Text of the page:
Structural change in the global economy is creating new industries and overturning familiar old ones; outdating old domestic policies, social arrangements and elements of our trade regime; and, as China and India rise, raising questions about America’s status as the world’s economic leader.
This hearing, accordingly, is a remarkable opportunity to reflect and develop consensus on our response to a profound set of challenges. My first and most important point is that trade policy can be only one element in this response, and not the principal element. We should place national competitiveness at the center, examining our finances, our commitment to science and innovation, our high-tech and traditional infrastructure, our human resources policies in both education and immigration, and other matters. We should also restructure our domestic social contract, to remove powerful sources of anxiety, notably fear of the loss of health care, as well as to spread the benefits more equitably and mitigate the risks for individuals. Together with this, we need a battery of trade, financial and other global policies that allow us to draw maximum benefit from the global economy, tap new areas of growth, and support our goals in national security, development and poverty reduction, and environmental quality.

Mickey Kantor laid out an overview agenda:

I. Building a competitive America
  A. Renewal and rebirth of public education (K-12);
  B. Energy security and addressing global warming, climate change and environmental challenges;
  C. Rebuilding and updating our infrastructure;
  D. Emphasis on science, discovery, research and development;
  E. A sound fiscal policy.
II. Restoring a credible, open and expanding trade agenda
  A. Enforcing trade laws and trade agreements;
    (1) Vigorous enforcement of our trade laws and full use of the WTO and other dispute settlement systems;
    (2) Establishment of a trade prosecutor at USTR;
    (3) New comprehensive trade negotiations with China to ensure full compliance with international trade commitments;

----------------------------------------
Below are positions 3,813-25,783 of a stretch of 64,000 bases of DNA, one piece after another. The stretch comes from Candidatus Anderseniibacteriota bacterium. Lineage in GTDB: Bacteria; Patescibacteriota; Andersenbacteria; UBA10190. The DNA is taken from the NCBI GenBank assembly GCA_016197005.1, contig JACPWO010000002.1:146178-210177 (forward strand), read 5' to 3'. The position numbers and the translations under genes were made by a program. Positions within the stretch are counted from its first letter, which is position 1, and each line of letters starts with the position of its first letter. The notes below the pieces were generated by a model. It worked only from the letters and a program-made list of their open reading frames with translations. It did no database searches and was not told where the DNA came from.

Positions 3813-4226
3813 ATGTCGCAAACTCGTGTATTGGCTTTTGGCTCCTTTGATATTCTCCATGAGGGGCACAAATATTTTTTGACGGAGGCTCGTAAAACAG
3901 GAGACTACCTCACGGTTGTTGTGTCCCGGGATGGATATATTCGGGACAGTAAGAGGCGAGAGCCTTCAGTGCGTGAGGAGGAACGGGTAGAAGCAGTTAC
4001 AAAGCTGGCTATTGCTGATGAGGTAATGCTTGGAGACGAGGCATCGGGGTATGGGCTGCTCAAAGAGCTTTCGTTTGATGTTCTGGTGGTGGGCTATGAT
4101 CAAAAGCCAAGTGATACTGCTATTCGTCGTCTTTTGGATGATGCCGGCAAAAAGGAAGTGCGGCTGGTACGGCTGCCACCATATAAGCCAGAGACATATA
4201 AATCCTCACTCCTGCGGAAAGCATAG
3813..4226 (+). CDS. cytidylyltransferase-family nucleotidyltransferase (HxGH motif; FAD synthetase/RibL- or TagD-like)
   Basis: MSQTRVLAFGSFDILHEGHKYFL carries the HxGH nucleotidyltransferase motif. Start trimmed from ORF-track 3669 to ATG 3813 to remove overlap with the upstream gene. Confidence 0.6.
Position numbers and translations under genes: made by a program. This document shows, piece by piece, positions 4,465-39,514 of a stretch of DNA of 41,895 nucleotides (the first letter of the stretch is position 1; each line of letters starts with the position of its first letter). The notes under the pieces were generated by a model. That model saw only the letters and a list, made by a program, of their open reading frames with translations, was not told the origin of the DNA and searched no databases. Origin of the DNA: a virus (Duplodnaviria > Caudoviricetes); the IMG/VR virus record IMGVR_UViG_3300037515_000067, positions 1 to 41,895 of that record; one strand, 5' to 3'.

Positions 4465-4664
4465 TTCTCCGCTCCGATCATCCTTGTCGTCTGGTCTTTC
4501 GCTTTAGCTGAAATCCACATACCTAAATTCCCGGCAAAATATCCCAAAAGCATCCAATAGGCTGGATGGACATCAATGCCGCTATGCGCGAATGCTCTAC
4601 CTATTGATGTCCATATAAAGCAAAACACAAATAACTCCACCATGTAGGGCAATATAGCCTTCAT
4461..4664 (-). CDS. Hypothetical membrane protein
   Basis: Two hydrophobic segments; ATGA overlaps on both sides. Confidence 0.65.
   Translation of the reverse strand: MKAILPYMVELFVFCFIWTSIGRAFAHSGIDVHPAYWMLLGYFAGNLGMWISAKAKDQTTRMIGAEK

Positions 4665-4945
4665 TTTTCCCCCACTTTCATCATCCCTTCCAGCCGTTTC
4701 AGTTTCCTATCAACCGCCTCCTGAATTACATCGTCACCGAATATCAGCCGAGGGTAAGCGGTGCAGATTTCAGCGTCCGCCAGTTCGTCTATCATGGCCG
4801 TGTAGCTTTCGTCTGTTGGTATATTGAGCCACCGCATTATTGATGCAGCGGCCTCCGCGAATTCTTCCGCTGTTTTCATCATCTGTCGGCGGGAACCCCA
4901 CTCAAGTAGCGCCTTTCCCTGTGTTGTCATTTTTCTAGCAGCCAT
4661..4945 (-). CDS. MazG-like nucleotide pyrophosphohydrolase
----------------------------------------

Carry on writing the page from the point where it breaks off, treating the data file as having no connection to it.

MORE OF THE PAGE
(4) Review and update all existing significant trade agreements;
    (5) Enforce legislative standards in all preference programs;
    (6) Initiate discussions with Mexico and Canada re: NAFTA, labor and environmental provisions and dispute settlement agreements;
  B. Advancing U.S. trade and economic interests
    (1) Seeking multilateral and pluralateral sectoral agreements in critical areas;
    (2) Renewed efforts to implement the FTAA and APEC;
    (3) Complete the Doha Round;
    (4) Negotiate convergence and mutual recognition agreements on a multilateral, regional and bilateral basis;
    (5) Seek to resolve problems with the pending FTA’s with the Congress;
    (6) Seek an FTA with Japan or an expanded agreement involving the Quad (Canada, the European Union, U.S. and Japan);
    (7) Opening markets for U.S. agriculture.
  (C) Fair Trade Initiatives
    (1) Passing and implementing an expanding TAA program;
    (2) Seek to abolish abuse of child labor worldwide;
    (3) Include enforceable labor and environmental provisions in all trade agreements;
    (4) Implement stronger dispute settlement understandings in all trade agreements;
  (D) Promoting developing countries access to international trade and spreading the benefits of an open, rules-based trading system
    (1) Removing barriers to entry of products no longer produced in the United States;
    (2) Provide technical assistance and training to developing nations in negotiations and in WTO processes;
  (E) Encourage presidential leadership and advocacy.

Kantor also said something that echoes what I have said about the current trade strategy:

we should begin to fashion initiatives to promote the most prominent growth industries in the United States. Industries such as biotechnology, nanotechnology, environmental controls, health care, education and financial services are prime examples. This, of course, is not to ignore the other important areas of agriculture, telecommunications and other copyright industries. The attempt to negotiate a new and comprehensive Doha development round agreement has stood in the way of sectoral agreements, which have the potential of large impacts on global growth.
. . .
Agreements covering convergence of standards, mutual recognition agreements, regulatory regimes and transparency should be pursued. As we become increasingly connected, the ability to reach understandings covering accounting standards, corporate governance and financial reporting, product standards and safety and internet protocols can have a large impact on global growth and efficiency. Our businesses, workers and investors would profit immeasurably from progress in these areas.

Barshefsky made a similar point:

Fundamentally, trade policy should turn from bilateral agreements with relatively small partners toward the fast-growing industries and major economies that we can tap for growth. Among these industries are services generally, energy and environmental technologies, infrastructure-linked industries where Asian countries in particular are large buyers, and medical and health industries. Our goal should be to ensure that American-based service providers and manufacturers can supply the goods and services where demand is greatest. Major targets should include the EU and Japan, China, India, Brazil, ASEAN, the Persian Gulf and similar large developing country